Massachusetts report faults agency’s handling of ‘Baby Doe’ case

29 Oct 2015 | Author: | No comments yet »

Baby Bella just 1 of 110 children to slip through cracks in protective services.

The state Department of Children and Families failed to properly investigate two previous warnings that Bella Bond was being neglected and should not have closed her case in 2013, nearly two years before the girl’s body was found on Deer Island, according to a sharply critical report released Wednesday. The lack of scrutiny given to the case was striking because the girl’s mother, Rachelle Bond, had a long history of arrests, had been in prison at least 12 times, had struggled with drug addiction, and had two previous children taken away by DCF, said the report by the Office of the Child Advocate. In perhaps the most glaring finding, the report said that the evaluation that led the department to close the case in September 2013 “contained cut-and-pasted information” from years-old reports on Rachelle Bond, including information from 2006, six years before Bella was born.

In fact, a Herald review of the 20-question risk assessment tool that DCF workers currently use for investigations indicates social workers should have flagged Bella as facing a “high level” risk of future maltreatment in her home during the 2013 investigation. Rachelle Bond should have earned the high-risk designation because she had at least three prior DCF investigations, a history of mental health and drug problems and was caring for a child under age 2 — among other red flags, according to the agency’s checklist.

In September, authorities finally learned her name after her mother allegedly told a friend that her boyfriend, Michael McCarthy, had killed her daughter. While she made recommendations to strengthen the agency, she pointedly avoided harsh condemnations of DCF, saying the department is taking steps to improve its oversight of abused and neglected children. “It’s impossible for anyone to say that continued involvement with the department would have prevented the tragedy in this case,” she told reporters.

The state’s records on child fatality data is faulty and it doesn’t appear that the state agency has learned from past mistakes, the NECIR investigation revealed. “It’s a very dysfunctional system. It is a now familiar case of too little information sharing among state agencies, and Rachelle Bond’s support network collapsed. “The Department is grateful to the OCA for its thorough review of this tragic case,” Grossman said. “Many of the issues raised in the report are already being addressed by the Baker administration’s aggressive systemic reform effort, including the need for clear and consistent policies and increased management oversight.

Not only is DCF failing, but the other eye of the state, the child fatality review teams, are largely nonfunctional,” Robert Sege, vice president at the Boston-based nonprofit Health Resources in Action told NECIR. Other deaths of children on the department’s watch have led to dismissals. “The unfortunate loss of this child and other recent child tragedies represent systemic failures and have resulted in a complete and full agency reform, which is underway,” said Rhonda Mann, a spokeswoman for the Executive Office of Health and Human Services.

However, poorly trained and inexperienced social workers often lack the judgment required to decide whether a child should be placed in the high risk category as opposed to the low risk, NECIR found. But despite mixed messages about her ability as a parent during the 2012 and 2013 investigations, social workers didn’t “delve deeper” — instead relied on Bond herself, said Maria Z. The report found that social workers failed to assess Rachelle Bond’s ability to function independently, her lifestyle choices and her history of substance abuse, all of which had drawn their attention in the past when she lost custody of two older children between 2001 and 2006.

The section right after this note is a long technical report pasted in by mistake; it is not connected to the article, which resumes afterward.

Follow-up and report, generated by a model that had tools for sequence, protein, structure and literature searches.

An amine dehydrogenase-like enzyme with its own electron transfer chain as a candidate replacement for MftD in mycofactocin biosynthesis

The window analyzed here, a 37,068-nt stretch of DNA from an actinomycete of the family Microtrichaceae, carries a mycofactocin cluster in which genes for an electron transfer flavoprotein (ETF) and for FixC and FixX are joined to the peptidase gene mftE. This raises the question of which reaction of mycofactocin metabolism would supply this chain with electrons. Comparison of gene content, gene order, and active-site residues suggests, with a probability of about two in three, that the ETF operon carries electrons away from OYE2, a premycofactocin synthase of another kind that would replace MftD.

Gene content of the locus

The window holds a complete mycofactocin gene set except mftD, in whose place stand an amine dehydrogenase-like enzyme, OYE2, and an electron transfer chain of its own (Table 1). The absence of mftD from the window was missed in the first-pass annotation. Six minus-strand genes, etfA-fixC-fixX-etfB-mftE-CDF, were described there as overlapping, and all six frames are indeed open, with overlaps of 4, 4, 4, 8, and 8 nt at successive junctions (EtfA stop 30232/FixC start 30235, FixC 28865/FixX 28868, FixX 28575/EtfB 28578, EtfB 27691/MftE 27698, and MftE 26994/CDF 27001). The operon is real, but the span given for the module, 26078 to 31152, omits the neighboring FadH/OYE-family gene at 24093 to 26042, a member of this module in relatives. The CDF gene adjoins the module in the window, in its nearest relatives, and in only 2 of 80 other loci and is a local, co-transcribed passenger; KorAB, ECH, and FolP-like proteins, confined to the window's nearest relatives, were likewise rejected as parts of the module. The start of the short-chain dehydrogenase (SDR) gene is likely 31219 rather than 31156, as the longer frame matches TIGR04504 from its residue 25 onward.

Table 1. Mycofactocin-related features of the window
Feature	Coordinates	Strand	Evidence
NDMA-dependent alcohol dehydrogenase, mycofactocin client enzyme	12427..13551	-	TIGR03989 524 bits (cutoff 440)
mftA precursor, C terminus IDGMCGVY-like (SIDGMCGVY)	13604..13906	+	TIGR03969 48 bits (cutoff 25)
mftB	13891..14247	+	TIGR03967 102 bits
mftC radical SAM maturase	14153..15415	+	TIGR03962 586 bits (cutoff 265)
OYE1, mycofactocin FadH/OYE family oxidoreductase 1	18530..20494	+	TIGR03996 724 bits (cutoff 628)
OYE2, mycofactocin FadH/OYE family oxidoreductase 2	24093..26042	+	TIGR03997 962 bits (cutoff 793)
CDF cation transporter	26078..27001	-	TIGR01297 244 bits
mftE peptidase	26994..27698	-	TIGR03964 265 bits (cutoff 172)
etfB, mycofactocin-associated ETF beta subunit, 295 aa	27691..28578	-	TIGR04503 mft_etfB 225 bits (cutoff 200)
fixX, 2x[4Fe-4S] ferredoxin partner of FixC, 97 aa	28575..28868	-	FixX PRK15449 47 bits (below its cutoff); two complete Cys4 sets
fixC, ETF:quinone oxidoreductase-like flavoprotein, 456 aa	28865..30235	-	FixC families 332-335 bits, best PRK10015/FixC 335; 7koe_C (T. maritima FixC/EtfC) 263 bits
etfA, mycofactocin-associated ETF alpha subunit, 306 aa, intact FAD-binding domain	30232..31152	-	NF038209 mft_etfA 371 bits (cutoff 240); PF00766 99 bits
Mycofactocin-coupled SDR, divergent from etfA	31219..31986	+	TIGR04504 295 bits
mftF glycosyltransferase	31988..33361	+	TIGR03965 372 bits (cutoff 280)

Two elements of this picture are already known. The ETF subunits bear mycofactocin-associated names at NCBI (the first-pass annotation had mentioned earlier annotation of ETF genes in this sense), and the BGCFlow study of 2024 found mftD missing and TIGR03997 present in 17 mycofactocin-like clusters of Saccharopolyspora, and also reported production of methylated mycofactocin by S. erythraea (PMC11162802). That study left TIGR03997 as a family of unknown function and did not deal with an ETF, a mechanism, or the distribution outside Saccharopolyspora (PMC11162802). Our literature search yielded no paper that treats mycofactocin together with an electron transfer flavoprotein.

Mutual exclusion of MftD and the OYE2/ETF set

The report on DCF’s history with Bella is likely to fuel questions about the agency’s ability to properly evaluate which children are truly at risk. Bond’s own statements in some cases and did not delve deeper by contacting professionals or agencies with whom she should have been working,” the report states.

DCF “has many systemic problems and we are going to fix them,” Governor Baker said at a press conference after the revelation that Bella’s family had already been on DCF’s radar. The report also found that DCF failed to gather sufficient information from other agencies that were working with Bond, and collected minimal, if any, family and personal information from Bond. DCF may have had a “false sense of security” that Bella would be safe because Bond was living at the time in a shelter and had been under the supervision of a probation officer. After giving birth in August 2012, Bond was discharged from the hospital to a family shelter, where mother and daughter received services from a home visiting program until May 2013. The report recommended that DCF ensure that case workers know how to take a proper history without relying on copying and pasting from previous reports.

But in fact, Bond had recently been discharged from probation and was working with a housing specialist to find an apartment, which should have raised concerns that there would be no one other than the mother watching the child. The report made a series of recommendations, including that DCF’s intake policy should require that when a report of abuse or neglect is filed for someone whose parental rights were terminated on other children, the report will be screened for an investigation and a managerial case review and legal consultation will occur.

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